Tuesday, November 19, 2013

Free the Thanksgivukkah turkeys!

"Thanksgivukkah" is the term coined for a very rare event happening on November 28, 2013:  This year, the first day of Hanukkah falls on the American holiday of Thanksgiving.  It won't happen again for another 70,000 years, so enjoy it now while you can!  (Plus the date also converges with a spectacular comet -- more on that below.)

"American Gothukkah" poster
designed by ModernTribe.com,
a take-off on a famous painting.
The Jewish community is certainly having a good time with it.   Search the Internet and you will find all kinds of Thanksgivukkah shirts, mugs, postcards, and other chochkes, as well as announcements of community celebrations.  (To see a gallery of shirt designs, click here.)  The Times of Israel has a nice roundup page of links, including songs and the story of a boy who designed a "menurkey" -- that's a Hanukkah menorah in the shape of a turkey.

One of my favorite images is this shirt by ModernTribe.com, featuring a Woodstock-inspired theme with "8 Days of Light, Liberty, Latkes."  Pretty clever!

Hanukkah really is about freedom, when the Jews rose up against the Greeks and re-dedicated the Jerusalem Temple to God.  Hanukkah may well be the first recorded war fought for religious freedom.  But this freedom theme also raises the issue of how "free" the Thanksgivukkah turkeys really are.  Can we eat turkey at a freedom fest when the birds themselves are not really free?

Unlike the colorful wild turkeys usually portrayed in Thanksgiving art, the turkeys you buy in the grocery store are factory-farmed white birds that have been bred to be so heavy they cannot even mate naturally, let alone fly up into trees or run through autumn fields like their wild ancestors.  Most of them probably never even see the outdoors at all, because they are raised in big, overcrowded barns.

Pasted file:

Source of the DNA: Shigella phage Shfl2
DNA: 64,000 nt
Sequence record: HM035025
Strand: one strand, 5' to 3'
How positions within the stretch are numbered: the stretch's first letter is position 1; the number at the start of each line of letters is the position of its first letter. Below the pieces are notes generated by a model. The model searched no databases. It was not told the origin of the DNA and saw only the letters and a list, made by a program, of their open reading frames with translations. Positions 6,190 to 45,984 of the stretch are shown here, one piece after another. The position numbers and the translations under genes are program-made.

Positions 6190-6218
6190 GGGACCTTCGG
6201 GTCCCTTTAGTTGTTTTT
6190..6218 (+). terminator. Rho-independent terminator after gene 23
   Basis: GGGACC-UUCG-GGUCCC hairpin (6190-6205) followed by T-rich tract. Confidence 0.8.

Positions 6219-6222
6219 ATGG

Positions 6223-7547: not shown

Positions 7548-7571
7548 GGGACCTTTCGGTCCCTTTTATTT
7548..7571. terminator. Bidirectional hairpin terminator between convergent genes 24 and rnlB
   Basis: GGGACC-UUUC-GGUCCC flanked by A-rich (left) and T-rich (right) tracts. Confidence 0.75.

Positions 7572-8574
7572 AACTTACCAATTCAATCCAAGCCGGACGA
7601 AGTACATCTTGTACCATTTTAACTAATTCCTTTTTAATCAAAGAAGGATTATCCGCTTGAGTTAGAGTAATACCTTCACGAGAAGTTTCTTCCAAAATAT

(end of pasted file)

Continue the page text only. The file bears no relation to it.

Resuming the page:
As a vegetarian, I would urge you to consider not having a turkey for Thanksgivukkah.  In fact, it was at Thanksgiving time many years ago that my wife and I finally decided to go veg.  We had been eating very little meat anyway, and as the holiday rolled around, we asked ourselves:  Do we really want a turkey this year?  The answer was no, and has been no ever since.   The only turkey on our table will be this toy bird.

As for the holiday menu, there are plenty of delicious vegetarian foods you can serve -- and combining with Hanukkah this year makes for some creative recipes.  The Jewish Community Center of St. Paul, MN, sent out a recipe for squash latkes (instead of potatoes) along with their recent fundraiser.  I plan to try that one!

When you think about it, turkey was not the only traditional food that Native people brought to our tables.  Corn, squash, pumpkins, potatoes, tomatoes, beans, wild rice, maple sugar, cranberries, blueberries, and chili peppers are some of the foods that are native to North and South America.  So let's make this a real Festival of Freedom and let the turkeys live!

Now for the comet: November 28, 2013 is also the date that Comet Ison -- which could be the "Comet of the Century" -- will pass around the sun.  As of this writing, it is now visible to the naked eye in the dark sky, and is expected to grow brighter in the next few days.  In centuries past, such a convergence between two calendars and a comet would have been seen as an omen, for good or bad depending on the culture.  To me, it is just an interesting phenomenon.

There are 3 possibilities for what will happen to Ison in the next week or so:  1) it could burn up in the sun's corona and disappear; 2) it might break up into a bunch of glowing pieces; or 3) it may remain intact and come out from behind the sun glowing very brightly.  For more on Ison's perilous journey, visit this page on the NASA site.


Anonymous said...

Good evening Rabbi,